Friday, December 01, 2006

Article # 2 - Rural Church Growth

Change Brings Death - Understanding Life-cycles

“Be careful what you ask for because you just might get it” is a quote my parents use to tell me growing up. I believe this quote applies to many churches. Churches talk about wanting to grow and make changes, but most church don’t understand or want what they are asking for. When you ask for change you are speeding up the death process in a church. Let me explain.

Churches and vision have a life-cycle. For example, is there any person that expects to live forever and never experience death? No, every person knows that they will probably live 70 – 90 years. That is all the time that you have to make a difference and then death comes. You may have never realized that churches and vision work on life-cycles.

Most rural churches were founded between 1920 and 1960. At that time the church was new and there were many young people involved in the church. The church was relevant to the young members and it grew. Then as the young people aged to become middle-aged, so the church aged. The church wasn’t so relevant to the young anymore, but continued to be relevant to the middle-aged who had families and money. Then as the middle-aged people became older the church aged again. But this time the church wasn’t relevant to the young anymore and all of the families had left. Older people in a rural church love the church because the church aged with them and kept them as it’s focus. Then as older people realize that death isn’t to far away for them, they also realize the church that has aged with them is headed for the same fate. I call this process of aging with what was the foundational young members of the church a life-cycle. Normally, at the end of a life-cycle fear for survival dominates the mission of the church.

The problem is the church has lived out it’s life-cycle. The rural church has only two options at this point. The first is to let the church die along with the members of the church. We have to remember that our individual churches aren’t the completion of God’s Kingdom. There is nothing unchristian about a church dying or closing. Rejoice for the dying church because it has lived it’s life-cycle and served it purpose for that generation.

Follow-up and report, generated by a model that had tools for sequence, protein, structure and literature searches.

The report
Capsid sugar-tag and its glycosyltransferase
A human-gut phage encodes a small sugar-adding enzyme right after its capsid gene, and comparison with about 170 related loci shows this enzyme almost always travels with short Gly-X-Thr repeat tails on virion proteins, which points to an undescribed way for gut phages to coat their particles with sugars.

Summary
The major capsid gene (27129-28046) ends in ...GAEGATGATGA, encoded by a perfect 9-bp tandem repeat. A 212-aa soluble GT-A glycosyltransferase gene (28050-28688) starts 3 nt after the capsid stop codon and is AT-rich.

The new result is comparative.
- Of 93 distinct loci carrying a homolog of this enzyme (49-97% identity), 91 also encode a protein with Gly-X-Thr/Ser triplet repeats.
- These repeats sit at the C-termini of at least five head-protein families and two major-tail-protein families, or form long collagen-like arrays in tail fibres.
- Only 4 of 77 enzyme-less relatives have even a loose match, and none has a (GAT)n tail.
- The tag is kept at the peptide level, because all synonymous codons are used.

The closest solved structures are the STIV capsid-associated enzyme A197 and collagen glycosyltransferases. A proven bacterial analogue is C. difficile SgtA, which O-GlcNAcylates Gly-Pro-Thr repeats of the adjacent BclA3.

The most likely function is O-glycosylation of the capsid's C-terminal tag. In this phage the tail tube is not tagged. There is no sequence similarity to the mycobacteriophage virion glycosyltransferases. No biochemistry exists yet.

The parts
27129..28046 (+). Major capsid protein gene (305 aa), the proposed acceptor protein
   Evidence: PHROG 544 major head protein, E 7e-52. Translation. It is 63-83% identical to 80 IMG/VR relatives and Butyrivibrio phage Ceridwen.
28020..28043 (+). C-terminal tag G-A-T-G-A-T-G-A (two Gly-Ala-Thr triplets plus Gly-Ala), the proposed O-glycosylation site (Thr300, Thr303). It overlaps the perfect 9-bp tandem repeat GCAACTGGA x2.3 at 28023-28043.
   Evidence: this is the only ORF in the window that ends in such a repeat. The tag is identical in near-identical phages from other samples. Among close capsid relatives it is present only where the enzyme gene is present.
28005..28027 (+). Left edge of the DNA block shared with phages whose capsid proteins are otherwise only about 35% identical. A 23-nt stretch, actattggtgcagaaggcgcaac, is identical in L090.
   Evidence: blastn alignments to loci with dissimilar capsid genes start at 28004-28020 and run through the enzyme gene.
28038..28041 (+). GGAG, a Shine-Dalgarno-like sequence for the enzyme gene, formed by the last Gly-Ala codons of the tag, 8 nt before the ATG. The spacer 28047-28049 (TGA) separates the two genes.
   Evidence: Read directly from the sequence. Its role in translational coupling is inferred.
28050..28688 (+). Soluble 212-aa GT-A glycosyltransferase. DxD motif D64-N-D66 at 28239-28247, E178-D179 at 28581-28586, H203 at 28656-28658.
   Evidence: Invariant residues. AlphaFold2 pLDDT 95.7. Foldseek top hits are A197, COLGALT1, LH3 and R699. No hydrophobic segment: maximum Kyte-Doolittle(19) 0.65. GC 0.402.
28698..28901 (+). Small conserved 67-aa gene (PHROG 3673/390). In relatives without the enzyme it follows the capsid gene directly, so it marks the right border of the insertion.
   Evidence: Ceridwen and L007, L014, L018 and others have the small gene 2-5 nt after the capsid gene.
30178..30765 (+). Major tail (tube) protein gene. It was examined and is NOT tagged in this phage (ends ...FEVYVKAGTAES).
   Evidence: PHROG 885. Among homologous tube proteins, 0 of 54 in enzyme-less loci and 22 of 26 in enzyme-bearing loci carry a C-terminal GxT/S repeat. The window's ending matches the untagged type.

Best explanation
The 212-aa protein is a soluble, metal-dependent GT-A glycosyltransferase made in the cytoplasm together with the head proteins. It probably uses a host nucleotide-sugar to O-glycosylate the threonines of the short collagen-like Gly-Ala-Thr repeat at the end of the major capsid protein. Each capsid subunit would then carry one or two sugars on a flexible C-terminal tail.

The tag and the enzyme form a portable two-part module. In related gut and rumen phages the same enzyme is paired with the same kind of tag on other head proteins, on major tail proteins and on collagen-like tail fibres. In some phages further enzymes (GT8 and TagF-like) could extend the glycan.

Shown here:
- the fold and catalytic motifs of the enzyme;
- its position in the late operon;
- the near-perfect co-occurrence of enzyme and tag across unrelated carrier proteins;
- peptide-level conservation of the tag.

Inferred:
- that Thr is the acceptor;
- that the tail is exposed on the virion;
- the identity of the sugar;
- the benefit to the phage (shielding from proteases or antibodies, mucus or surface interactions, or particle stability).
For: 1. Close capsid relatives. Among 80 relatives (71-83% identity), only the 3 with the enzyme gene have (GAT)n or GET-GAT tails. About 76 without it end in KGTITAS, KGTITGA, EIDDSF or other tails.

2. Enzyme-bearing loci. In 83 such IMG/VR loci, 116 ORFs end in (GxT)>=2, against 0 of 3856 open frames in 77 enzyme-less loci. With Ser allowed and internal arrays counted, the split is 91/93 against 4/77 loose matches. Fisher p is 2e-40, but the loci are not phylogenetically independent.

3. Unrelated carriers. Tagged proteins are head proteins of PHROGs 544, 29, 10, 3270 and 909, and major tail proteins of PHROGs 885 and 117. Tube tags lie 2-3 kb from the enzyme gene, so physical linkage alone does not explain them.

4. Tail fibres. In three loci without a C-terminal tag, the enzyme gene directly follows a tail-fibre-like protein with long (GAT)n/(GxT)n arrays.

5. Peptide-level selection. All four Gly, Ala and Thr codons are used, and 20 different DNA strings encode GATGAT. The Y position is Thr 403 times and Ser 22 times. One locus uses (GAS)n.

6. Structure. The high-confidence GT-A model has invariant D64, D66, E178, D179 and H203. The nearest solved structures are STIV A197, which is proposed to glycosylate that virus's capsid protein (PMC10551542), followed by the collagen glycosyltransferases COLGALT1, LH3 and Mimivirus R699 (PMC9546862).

The second option is to birth a new life-cycle. Birthing a new life-cycle is the work of God giving a group of people a brand new vision to reach young people in their community. To begin a new life-cycle in a church, the old life-cycle is fundamentally put to death. People seeking to birth a new life-cycle realize that the mission, vision, and methods of the church will be completely different than what it was. I heard of a church that every time they changed a program, the church had a funeral service for the existing program. They would rejoice about how God had worked through that existing program in it's prime. Then they symbolically buried it. Everyone had to let it die. Here is a warning: some people think that their church can have two life-cycles going at once but just like you can’t be 40 and 70 at the same time, so a church can only have one life-cycle at a time.

How do you choose what you are going to do as a church? You must decide what Jesus’ Will is for your individual church. His Will may be for the church to close at the end of it’s current life-cycle. If so, proclaim it and tell your church, “Guys, we have five or ten good years left. Let’s make a difference and go out with a bang.”

You may sense that Jesus’ Will is for your church to birth a new life-cycle. This is where you begin talking about change and you tell your church, “Guys, Jesus has given us a new vision and mission. We are no longer going to be the church we were. We are going to go through the pain to do what it takes to birth this new life-cycle.”

One thing I should share with you, if your church chooses to stay with the current life-cycle until death. God will rise up new churches with new life-cycles in your area. They will do what you’re not able to do and there will be people from your church who leave to join the new life-cycle churches. Also if you choose to birth a new life-cycle you will lose most of the old life-cycle people. What I’m saying is that with both decisions you will lose people and this is the reason that the decision can’t be made on the bases of survival, but mission. You must determine where the church is in it’s life-cycle and commit to doing what Jesus wants. Whether Jesus’ Will for your church is dying or giving birth, do it for His glory.

1 Comments:

Blogger Kevin Stilley said...

A very wise post. Thank you.

12/01/2006  

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